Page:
The Act of Sexual Repression

A fashion trend at Pride had me and a friend talking. The colorful display that gay men don made me realize in this discussion how sexually-repressed women still are.

A straight male friend attended a Pride party that Sunday before the parade and was educated on the system for knowing what certain gay men want. For instance, one man at the party was wearing a red necklace with a lock and asked my friend if he knew why it was red.

“It means that I’m into fisting,” was his follow-up, making my friend’s brows rise.

My first thought was how efficient this was. This man knew what he was into, was happy to let others know immediately, and in doing so was able to sift out sexual partners that he was likely not compatible with.

My second thought was how different this was from what a woman is trained to be in regards to her sexuality.

Women are taught that sex is a bad thing, and that she shouldn’t explore this part of her being until the right man comes along and shows her what to do. She waits to be asked out, told she should never call a boy, and has to experience an elaborate proposal from him before she can get married. Hell, even in some wedding ceremonies you have someone giving her away for her to enter marriage. And in cases of sexual assault, the first question is usually what the women did or what she was wearing as if women are always responsible for their own pain.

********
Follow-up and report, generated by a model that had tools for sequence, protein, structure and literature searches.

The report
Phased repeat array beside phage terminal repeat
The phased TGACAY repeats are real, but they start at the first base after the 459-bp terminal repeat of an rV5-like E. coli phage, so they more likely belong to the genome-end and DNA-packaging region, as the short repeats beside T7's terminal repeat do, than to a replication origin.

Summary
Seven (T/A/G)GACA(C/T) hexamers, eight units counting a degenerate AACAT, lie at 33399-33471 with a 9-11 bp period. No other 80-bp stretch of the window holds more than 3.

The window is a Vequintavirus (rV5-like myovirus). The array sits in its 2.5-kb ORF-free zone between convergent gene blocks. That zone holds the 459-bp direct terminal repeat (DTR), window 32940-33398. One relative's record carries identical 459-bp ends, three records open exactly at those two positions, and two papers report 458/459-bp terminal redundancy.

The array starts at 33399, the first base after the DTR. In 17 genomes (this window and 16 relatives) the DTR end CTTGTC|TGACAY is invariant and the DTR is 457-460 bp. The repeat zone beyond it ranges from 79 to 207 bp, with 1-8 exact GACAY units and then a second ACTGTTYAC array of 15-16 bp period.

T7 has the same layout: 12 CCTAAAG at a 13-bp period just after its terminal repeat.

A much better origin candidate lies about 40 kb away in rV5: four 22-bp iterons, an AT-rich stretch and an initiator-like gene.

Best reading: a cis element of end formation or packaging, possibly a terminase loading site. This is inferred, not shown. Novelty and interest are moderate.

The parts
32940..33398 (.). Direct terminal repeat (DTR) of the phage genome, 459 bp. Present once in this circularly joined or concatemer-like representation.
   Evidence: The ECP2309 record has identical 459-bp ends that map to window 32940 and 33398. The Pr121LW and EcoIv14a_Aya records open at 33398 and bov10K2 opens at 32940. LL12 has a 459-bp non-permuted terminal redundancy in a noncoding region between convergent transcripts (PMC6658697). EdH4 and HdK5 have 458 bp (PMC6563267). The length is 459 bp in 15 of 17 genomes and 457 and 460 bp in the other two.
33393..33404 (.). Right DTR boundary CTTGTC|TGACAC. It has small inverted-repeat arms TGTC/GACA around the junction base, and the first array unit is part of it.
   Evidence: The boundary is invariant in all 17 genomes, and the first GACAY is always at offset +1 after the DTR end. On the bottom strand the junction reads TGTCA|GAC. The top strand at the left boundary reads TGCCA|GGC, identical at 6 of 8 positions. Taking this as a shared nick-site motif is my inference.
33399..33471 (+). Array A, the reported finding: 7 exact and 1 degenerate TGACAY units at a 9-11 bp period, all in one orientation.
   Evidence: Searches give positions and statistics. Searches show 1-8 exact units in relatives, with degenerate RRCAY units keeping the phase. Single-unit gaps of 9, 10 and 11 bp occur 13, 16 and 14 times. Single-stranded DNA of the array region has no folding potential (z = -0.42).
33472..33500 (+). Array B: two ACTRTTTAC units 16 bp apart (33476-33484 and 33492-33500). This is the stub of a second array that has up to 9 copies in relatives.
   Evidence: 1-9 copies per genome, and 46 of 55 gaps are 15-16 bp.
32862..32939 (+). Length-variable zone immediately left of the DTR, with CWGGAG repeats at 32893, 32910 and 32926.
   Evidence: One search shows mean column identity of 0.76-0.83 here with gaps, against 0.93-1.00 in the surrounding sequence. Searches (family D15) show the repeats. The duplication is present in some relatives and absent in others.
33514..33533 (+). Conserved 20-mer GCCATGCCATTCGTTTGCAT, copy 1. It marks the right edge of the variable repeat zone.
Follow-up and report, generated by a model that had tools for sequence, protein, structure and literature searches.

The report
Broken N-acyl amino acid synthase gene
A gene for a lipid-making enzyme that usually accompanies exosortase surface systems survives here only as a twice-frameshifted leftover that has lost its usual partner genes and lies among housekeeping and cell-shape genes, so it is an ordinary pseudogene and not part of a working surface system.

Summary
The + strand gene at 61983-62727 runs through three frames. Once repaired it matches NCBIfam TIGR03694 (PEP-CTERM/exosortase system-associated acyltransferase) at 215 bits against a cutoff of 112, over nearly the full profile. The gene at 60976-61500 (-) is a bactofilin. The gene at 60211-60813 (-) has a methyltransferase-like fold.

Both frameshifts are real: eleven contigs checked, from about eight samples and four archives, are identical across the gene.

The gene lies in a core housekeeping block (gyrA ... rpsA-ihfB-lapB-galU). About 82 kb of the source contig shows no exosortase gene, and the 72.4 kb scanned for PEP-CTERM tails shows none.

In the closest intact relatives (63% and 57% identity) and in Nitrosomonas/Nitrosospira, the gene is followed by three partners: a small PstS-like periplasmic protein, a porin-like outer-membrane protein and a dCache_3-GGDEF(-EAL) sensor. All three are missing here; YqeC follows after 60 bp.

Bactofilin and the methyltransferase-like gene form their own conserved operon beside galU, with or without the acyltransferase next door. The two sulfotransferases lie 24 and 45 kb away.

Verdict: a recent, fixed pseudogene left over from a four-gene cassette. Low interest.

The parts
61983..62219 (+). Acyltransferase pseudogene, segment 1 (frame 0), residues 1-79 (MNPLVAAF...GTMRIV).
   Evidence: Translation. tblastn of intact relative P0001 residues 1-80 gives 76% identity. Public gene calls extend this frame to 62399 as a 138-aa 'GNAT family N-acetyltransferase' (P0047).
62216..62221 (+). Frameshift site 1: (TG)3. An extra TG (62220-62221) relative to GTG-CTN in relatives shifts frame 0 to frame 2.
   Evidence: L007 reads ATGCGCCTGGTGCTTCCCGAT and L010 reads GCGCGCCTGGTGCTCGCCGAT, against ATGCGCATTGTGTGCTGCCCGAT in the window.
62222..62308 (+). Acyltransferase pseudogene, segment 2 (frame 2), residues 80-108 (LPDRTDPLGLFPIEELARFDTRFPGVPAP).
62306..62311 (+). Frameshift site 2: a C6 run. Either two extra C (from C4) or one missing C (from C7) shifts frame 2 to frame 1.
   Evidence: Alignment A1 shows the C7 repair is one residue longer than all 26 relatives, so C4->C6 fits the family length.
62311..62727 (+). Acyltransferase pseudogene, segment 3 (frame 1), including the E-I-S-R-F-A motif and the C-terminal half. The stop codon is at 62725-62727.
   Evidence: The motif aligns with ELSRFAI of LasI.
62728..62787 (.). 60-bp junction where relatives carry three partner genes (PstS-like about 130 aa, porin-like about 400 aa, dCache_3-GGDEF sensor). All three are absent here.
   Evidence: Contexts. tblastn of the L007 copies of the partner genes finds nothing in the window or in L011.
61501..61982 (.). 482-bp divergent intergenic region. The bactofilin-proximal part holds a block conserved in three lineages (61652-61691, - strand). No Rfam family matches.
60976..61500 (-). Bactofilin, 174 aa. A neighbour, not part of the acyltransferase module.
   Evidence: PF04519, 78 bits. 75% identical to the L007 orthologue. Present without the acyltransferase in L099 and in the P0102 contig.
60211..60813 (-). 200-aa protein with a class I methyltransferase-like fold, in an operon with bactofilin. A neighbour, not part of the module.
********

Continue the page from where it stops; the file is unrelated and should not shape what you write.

Of course, most of us outgrow that ideology, but it’s a slow build. Even lesbians are affected since most of us didn’t start out dating women. And even when we are in relationships with other women there is always the ignorant question, “So, who’s the man in the relationship?” as if not having some kind of male influence is offensive.

I’m all about female empowerment, but if you want to make real change you have to nip the problem at its source. It’s not enough to tell a woman as an adult to shake off all she’s known and encourage her to be a badass at the office, at home, or in bed. Her internal dialogue at that point has already been established to let her know there are limits to what she should do.

I’m encouraged by our efforts to teach kids to be more accepting of people of different colors, nationalities, religions, and sexual orientations. We are evolving in the way we relate to each other, but we still need to encourage youth to be more accepting of themselves and the power they have in their own lives.

Our society has a long way to go in our comfort with sex. It has a longer way to go in allowing women to be sexual and remain independent and powerful. This man at Pride knows what he wants and used his attire to communicate that. If a woman had the same necklace on and made the same comment, she would not be looked at the same or with any respect. By men or women. Both gay and straight.